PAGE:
'Perils of Pauline' (Italian style)

By , John Di Sciullo, a retired career foreign service officer who last served as consul general in Genoa, is a senior associate with the Carnegie Endowment for International Peace in Washington.

Another Italian government crisis has come and gone. Like the old ''Perils of Pauline'' serial, this latest episode, the 42nd in the long postwar saga, provided some suspenseful moments but produced no novel or shocking surprises. The premiership is again in Christian Democratic hands where it seems to belong almost by providential fiat.

Moreover, it went back to the indestructible elder statesman Amintore Fanfani who first acceded to that post in January 1954, during the Eisenhower administration. In reconciling the Christian Democratic-Socialist policy differences which caused Premier Spadolini's fall, Fanfani solved the urgent problem of providing the country with a government and an austere monetary and fiscal program to tackle the worrisome economic crisis.

Even allowing for the comforting thought that things Italian miraculously turn out to be less bleak than they are generally predicted, Italy still faces, like other industrialized countries, a serious recession (near zero growth), high unemployment (10 percent of the workforce), hyperinflation (currently better than 16 percent), and skyrocketing budget deficits which amount to 15 percent of the official GNP. Official statistics, however, understate the contribution of Italy's vibrant ''underground'' economy which is variously estimated to provide an additional 20 to 25 percent of the official GNP, currently $350 billion. This ''oversight,'' in turn, may explain why frequent predictions of economic collapse never materialize.

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The resolution of the government crisis is likely to provide only a temporary respite to the troubled Christian Democratic-Socialist partnership. For the controversy between the two parties transcends policy and ideological differences and centers on divergent political strategies and the mutual frustrations and suspicions that the pursuit of those strategies invariably generates.

The Socialists and their secretary general, Bettino Craxi, are attempting to exploit their pivotal position in Parliament to wrest control of the premiership as a first step toward an eventual challenge of Christian Democratic preeminence in Italian politics. With only 10 percent of the vote, however, their political muscle and electoral base have proven insufficient to sway the Christian Democrats who, even after 40 years of uninterrupted power, still control 42 percent of the parliamentary seats.

To enhance their leverage and the credibility of their strategy, the Socialists must either enlist the backing of the small ''lay'' parties (Social Democrats, Liberals, and Republicans); or force early general elections in hopes of gaining votes and bargaining power; or, preferably, both. So far, they have done neither.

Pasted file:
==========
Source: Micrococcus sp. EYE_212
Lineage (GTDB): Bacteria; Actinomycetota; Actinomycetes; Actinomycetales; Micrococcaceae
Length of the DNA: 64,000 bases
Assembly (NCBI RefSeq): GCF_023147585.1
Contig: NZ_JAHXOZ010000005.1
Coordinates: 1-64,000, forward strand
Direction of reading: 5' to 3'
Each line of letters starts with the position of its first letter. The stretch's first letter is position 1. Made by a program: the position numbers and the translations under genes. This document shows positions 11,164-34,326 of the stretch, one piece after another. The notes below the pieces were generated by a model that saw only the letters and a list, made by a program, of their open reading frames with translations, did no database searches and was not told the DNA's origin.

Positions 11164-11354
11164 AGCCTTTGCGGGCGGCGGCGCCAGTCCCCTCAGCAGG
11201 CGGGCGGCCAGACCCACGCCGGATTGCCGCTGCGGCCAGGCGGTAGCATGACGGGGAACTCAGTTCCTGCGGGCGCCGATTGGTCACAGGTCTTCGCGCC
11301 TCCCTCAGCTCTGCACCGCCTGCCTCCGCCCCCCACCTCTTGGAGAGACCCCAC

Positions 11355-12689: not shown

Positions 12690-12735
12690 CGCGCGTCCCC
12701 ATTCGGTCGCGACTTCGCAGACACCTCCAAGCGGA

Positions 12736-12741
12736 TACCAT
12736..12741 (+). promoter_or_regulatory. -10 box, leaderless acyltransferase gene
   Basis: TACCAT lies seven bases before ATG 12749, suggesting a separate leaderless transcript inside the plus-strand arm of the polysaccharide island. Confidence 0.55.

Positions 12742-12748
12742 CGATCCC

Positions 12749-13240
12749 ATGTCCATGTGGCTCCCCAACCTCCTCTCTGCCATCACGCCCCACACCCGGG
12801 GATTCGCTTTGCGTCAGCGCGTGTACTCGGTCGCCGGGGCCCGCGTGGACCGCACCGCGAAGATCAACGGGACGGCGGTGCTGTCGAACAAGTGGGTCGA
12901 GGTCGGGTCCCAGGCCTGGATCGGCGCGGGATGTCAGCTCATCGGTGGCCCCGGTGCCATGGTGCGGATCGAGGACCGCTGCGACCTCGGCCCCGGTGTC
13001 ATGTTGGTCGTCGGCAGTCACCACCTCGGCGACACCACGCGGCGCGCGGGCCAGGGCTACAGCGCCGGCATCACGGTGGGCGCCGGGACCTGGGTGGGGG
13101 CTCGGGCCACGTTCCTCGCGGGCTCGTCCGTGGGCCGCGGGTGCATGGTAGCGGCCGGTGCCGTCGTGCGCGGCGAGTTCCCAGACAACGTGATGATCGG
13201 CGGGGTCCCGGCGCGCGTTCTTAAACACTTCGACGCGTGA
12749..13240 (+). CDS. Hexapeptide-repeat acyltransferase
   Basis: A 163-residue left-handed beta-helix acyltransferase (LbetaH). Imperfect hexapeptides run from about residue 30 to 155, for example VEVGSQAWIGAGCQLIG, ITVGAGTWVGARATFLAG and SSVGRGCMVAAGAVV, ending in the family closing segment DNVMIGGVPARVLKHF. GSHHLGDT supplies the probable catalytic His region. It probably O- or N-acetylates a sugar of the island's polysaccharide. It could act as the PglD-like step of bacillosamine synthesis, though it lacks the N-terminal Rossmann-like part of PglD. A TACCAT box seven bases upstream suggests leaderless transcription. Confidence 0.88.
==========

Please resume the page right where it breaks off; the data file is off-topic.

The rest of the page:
The Christian Democrats, fearful that the Socialists might eventually use the premiership to pole-vault into an alliance with the Communists which would leave them out in the cold, have successfully foiled Socialist plans and timetable. On four different occasions since 1979, they frustrated Socialist efforts either to gain the premiership or force early elections. They are prepared to assure the Socialists a long-term government partnership, but under Christian Democratic not Socialist leadership.

Repeated failure to show measurable progress in pursuit of his objectives may not only tarnish Craxi's image but also cause second thoughts within the party over the wisdom of the strategy itself. Craxi's left-wing rivals are already pressing for a return to the old ''socialist alternative'' policy which envisages a government partnership with the Communists. So long as the Communists spurned a Socialist alliance and sought instead their own power-sharing accord with the Christian Democrats via the famous ''historic compromise,'' Craxi had little trouble keeping his rivals in line with his strategy. However, now that the Communists have shelved their ''compromise'' policy in favor of a ''democratic alternative'' to the Christian Democrats - a course which does not differ much from the old Socialist policy - Craxi is likely to find it more difficult to resist internal demands for a change in direction.

Socialist differences with the Christian Democrats over economic policies have already reemerged and are likely to escalate as the general elections, due in 1984, approach. Fears of being stuck with unpopular government economic policies coupled with internal party pressures may encourage Craxi to bring down Fanfani in hopes of triggering early elections this year. He may reason that a respectable electoral performance would at least strengthen his hand vis-a-vis his rivals if not actually land him in the premiership, the objective he has been stubbornly pursuing since 1979.

Recent polls appear to favor the Socialists as do the results of scattered local elections that have taken place during the last couple of years. Similar favorable omens in the past, however, have rarely materialized in subsequent national tests. On the contrary, a good performance in local contests has almost invariably been followed by a disappointing verdict in the general elections.

On the basis of past experience, therefore, early elections would appear to hold more risks than opportunities for the Socialists. A poor electoral showing could not only cost Craxi his job but also put an end to Socialist governmental collaboration with the Christian Democrats, ushering in a period of instability which could only be resolved by a major political realignment.

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